Meanwhile, back on Earth, where about two thousand years have gone by since our time, a small population of “old-style” humans lives lives of leisure and ignorance, cared for by machines that post-humans left behind when they departed centuries ago. A group of these humans has begun to suspect that things have not always been this way, and embark on a hunt for answers on a planet that’s changed quite a bit since our time. With a little help from their new friend, Odysseus. The third thread concerns two moravecs from Jupiter, where their kind has evolved over the centuries, who crash-land on a now-terraformed Mars, and soon discover that knowledge of Shakespeare (not to mention Proust’s thoughts on the strangeness of time) might apply to their situation.

In terms of writing, I thought this one was only sometimes up the dark brilliance of Hyperion, but still a good ride. Simmons is at his best when he’s immersing the reader in a scene (as he does fantastically in some of the Troy sequences) or doing clever mashups (as with a creepy space station monster who speaks in Shakespeare mode), and less so when he’s going through the workmanlike process of having characters run or teleport around the map in order to connect pieces of his far-flung plot and themes (look for the annoying SF trope of invoking “quantum” to explain the essentially magical). How Simmons will pull everything together in the second, final book remains for me to see, but I find the ideas he seems to be going for interesting. Might old myths and legends, which have stayed in our collective memory so far, still be haunting us in whatever post-human, post-post-modern future is to come? "We're not fighters", says one character. "Oh, yes you are," replies another, "it's still in your genes". I also liked the little in-jokes, such as a scene in which Hockenberry, annoyed with how his PC fellow academics kept reading gay tendencies into certain Iliad characters, discovers that the truth is a little... ambiguous.

Audiobook narrator Kevin Pariseau is competent enough, but I think he does better at humor than drama. His wry Hockenberry is amusing, but his gods and heroes are a little lacking in gravitas.

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17 of 19 people found this review helpful

By Jim "The Impatient" on 03-09-15

It's Dan Simmons

I have read several books by Dan Simmons. Terror was probably my favorite. In all his books with the exception of Hyperion, I believe he writes too much in detail and takes too long to tell the story. (THE VOYNIX TROTTED EFFORTLESSLY, PULLING THE CARRIOLE WITH ONLY THE GRAVEL-HISS UNDERPED AND THE SOFT HUMMING OF ANCIENT GYROSCOPES IN THE CARRIAGE BODY. SHADOWS CREPT ACROSS THE VALLEY, BUT THE NARROW LANE WENT UP OVER A RIDGE, CAUGHT THE LAST BIT OF THE SUN-BISECTED AS IT WAS ON THE NEXT RIDGE WEST--AND THEN DESCENDED INTO A WIDER VALLEY WHERE FIELDS OF SOME LOW CROP STRETCHED OUT ON EITHER SIDE. THE TENDING SERVITORS FLITTED ABOVE THE FIELD, DAEMAN THOUGHT, LIKE SO MANY LEVITATING CROQUET BALLS.) For me I could do with out knowing every left and right hand turn his characters take and he does this in all his books. Simmons has his own following. I have a friend that reads everything the guy writes. If the story is good I can put up with the mundane directions, but this book I just could not get into. I quit in the seventh chapter. I am not going to listened to no boring book.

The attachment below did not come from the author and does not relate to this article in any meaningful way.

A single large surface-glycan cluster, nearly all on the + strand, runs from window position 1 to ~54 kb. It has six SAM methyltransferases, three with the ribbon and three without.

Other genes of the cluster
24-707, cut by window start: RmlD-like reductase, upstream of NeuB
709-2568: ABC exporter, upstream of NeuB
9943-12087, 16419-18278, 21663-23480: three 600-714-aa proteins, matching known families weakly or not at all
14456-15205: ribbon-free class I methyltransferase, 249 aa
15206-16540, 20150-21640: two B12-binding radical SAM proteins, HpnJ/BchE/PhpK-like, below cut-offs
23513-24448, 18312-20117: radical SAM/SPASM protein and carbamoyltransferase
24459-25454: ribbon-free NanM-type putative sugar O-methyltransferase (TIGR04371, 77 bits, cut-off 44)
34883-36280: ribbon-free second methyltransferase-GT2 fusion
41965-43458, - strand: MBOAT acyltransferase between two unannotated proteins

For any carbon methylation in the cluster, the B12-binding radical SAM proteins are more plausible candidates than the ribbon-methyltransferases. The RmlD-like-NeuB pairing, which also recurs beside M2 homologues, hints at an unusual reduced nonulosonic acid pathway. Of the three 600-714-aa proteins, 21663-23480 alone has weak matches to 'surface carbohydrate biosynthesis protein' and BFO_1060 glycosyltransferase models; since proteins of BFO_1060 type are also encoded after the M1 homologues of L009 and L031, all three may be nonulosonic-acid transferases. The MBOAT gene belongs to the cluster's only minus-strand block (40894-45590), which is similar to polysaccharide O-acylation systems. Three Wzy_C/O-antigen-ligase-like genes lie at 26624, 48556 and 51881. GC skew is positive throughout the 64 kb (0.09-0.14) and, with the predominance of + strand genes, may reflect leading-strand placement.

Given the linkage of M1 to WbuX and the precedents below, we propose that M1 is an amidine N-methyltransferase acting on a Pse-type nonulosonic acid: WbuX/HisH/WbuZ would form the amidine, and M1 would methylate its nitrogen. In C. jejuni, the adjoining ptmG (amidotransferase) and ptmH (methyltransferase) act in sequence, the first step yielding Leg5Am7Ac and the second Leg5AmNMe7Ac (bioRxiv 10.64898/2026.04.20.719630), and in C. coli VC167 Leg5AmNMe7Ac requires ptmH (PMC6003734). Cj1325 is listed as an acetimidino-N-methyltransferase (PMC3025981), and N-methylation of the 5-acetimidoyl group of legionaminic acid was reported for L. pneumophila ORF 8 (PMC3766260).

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26 of 32 people found this review helpful

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Customer Reviews

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By redsand42 on 11-17-15

Dull voice.

The book is brilliant. Unfortunately the narration is just dull, uninterested and soporific. What a disappointment!

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By P. Joseph on 11-03-15

Brilliant! Amazing for Iliad fans too!

Great story and a great performance. Simmons weaves such varied material together in a way that simply works! Ancient Greece and future Sci fi! I don't know how it works but Simmons manages it! Highly recommended!